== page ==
Wavefront reconstruction, or holography, is a fascinating photographic process which is a major departure from conventional photography. In this process, discovered in 1947 by D. Gabor of Imperial College, London, the photosensitive device does not directly record an image of the subject; instead, the electromagnetic waves reflected or scattered from the subject are recorded as a standing wave pattern. The resulting photographic record is called a hologram (from the Greek word holos, meaning whole), a name given by Professor Gabor to indicate that the whole, or entirety, of the wave pattern is recorded.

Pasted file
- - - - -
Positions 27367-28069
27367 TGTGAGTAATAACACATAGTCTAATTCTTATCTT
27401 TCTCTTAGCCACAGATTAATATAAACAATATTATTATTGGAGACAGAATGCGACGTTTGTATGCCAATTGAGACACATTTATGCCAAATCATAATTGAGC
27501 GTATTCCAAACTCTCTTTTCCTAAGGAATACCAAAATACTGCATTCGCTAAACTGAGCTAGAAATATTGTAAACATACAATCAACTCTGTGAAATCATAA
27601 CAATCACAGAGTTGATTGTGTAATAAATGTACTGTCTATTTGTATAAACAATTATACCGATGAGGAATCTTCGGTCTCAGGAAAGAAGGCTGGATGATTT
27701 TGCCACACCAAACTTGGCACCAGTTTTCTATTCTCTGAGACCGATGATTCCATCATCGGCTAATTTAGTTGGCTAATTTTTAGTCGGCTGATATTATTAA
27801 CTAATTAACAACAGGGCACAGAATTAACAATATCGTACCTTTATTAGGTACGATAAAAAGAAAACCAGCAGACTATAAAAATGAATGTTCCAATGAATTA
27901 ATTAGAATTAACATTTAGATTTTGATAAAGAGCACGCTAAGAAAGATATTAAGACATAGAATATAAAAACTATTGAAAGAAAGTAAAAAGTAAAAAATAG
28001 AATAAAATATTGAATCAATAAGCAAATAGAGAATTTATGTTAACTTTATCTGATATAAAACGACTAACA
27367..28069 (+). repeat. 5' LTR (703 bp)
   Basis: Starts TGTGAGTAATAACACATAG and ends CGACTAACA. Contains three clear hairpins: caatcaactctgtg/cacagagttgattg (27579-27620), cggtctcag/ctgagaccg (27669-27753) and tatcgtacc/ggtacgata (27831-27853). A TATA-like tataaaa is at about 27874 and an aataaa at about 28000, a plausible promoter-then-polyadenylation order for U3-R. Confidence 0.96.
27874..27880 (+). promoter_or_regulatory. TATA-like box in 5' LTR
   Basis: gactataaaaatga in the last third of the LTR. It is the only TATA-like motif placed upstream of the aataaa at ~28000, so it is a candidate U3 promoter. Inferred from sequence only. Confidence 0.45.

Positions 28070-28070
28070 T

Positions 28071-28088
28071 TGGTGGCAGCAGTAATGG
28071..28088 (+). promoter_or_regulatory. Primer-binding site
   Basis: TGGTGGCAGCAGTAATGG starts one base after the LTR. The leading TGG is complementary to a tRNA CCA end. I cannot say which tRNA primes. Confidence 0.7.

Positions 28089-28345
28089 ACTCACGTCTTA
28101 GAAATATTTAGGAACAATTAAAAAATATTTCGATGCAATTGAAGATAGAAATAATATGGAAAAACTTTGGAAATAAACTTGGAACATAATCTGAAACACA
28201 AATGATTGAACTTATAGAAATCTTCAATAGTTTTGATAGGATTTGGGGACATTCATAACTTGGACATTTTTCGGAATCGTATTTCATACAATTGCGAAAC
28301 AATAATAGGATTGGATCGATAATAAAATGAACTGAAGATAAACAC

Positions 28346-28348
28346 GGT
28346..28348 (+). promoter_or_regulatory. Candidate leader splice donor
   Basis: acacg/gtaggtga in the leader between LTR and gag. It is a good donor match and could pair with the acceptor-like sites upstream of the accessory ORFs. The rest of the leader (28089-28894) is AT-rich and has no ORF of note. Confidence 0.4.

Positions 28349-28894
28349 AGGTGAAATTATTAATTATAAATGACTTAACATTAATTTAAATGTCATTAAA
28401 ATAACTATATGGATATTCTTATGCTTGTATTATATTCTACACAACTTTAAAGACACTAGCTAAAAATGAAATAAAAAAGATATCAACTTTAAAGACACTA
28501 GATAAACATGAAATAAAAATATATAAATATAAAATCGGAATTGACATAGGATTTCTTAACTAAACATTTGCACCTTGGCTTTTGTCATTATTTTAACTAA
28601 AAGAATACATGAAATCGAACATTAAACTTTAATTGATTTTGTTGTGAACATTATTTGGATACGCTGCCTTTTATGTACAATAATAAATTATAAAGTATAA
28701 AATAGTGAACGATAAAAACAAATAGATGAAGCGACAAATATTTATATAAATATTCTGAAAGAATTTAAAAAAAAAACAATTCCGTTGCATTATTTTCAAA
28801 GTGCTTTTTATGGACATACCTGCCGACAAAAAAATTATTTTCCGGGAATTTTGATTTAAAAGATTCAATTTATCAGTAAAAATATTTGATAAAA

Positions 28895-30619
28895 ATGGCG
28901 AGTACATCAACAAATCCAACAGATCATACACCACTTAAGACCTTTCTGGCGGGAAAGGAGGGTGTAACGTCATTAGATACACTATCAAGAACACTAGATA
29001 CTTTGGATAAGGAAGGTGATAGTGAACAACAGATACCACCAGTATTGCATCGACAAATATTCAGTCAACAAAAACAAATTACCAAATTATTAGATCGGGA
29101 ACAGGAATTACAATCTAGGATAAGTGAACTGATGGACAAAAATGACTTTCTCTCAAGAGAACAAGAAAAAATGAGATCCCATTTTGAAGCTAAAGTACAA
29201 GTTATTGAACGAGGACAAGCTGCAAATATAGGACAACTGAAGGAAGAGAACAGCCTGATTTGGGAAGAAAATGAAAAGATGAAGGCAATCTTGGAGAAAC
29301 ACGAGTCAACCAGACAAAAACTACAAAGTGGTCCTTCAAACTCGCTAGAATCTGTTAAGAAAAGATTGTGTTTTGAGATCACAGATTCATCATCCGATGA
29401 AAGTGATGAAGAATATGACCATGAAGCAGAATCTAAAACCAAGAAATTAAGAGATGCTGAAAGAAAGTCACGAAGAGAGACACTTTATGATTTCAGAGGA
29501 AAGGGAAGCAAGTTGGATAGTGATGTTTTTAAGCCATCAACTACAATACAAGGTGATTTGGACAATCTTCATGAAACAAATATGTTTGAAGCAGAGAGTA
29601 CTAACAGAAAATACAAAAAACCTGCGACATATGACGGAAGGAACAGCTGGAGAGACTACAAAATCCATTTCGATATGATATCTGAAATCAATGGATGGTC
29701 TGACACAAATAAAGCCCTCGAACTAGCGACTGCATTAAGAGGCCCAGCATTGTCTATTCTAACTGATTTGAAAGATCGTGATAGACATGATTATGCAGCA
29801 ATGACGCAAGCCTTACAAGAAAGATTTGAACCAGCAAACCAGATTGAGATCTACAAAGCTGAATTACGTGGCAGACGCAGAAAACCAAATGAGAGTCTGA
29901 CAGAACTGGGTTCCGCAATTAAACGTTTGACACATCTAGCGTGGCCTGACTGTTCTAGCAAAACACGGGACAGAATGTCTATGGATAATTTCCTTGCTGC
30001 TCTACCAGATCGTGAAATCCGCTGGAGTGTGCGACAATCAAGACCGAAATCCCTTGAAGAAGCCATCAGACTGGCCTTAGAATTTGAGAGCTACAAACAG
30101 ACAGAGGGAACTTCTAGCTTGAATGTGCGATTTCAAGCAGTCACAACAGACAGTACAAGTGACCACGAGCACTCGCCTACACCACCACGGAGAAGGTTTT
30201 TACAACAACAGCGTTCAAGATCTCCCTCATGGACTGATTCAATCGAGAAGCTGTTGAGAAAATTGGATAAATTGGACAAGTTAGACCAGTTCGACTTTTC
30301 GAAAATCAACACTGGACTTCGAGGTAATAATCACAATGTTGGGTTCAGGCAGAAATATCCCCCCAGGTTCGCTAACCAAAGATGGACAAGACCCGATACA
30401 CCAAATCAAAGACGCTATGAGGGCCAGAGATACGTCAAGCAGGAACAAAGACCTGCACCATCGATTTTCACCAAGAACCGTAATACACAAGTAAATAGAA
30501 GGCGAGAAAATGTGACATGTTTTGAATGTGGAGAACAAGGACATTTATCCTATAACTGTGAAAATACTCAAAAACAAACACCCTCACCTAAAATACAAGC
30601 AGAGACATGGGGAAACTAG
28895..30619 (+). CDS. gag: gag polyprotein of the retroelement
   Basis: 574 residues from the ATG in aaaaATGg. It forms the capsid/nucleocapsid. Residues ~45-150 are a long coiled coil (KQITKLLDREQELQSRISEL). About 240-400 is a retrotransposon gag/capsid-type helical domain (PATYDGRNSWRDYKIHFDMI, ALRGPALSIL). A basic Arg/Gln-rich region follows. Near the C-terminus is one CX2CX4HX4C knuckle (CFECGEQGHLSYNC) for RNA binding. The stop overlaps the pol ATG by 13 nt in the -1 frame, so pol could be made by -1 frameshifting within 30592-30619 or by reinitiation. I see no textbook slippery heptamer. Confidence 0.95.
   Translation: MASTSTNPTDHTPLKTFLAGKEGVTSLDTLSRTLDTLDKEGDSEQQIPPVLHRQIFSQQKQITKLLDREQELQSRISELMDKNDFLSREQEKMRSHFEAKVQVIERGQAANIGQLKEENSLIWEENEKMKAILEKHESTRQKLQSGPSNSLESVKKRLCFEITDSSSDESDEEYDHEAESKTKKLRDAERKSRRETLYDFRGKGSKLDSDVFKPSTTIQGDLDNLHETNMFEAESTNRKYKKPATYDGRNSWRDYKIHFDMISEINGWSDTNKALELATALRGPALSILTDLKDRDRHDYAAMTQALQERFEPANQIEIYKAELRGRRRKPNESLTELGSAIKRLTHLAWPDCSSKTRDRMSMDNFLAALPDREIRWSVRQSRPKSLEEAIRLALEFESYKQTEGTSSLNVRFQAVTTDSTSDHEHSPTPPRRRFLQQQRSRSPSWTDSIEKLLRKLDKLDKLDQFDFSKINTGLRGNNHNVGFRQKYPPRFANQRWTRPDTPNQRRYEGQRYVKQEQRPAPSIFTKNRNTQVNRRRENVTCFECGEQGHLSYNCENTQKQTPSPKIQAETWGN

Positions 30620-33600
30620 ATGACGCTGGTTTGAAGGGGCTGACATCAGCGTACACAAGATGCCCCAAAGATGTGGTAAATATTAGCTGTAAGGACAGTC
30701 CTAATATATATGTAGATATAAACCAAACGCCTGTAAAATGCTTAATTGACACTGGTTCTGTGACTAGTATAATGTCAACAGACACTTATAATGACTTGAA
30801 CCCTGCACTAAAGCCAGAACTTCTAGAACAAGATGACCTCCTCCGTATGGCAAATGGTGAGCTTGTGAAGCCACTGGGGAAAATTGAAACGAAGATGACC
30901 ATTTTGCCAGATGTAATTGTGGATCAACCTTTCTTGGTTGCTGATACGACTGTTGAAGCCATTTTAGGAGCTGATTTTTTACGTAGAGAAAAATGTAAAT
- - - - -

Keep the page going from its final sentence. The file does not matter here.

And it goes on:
Wavefront reconstruction photography
Emmett Leith, Juris Upatnieks; Wavefront reconstruction photography. Physics Today 1 August 1965; 18 (8): 26–32. https://doi.org/10.1063/1.3047589
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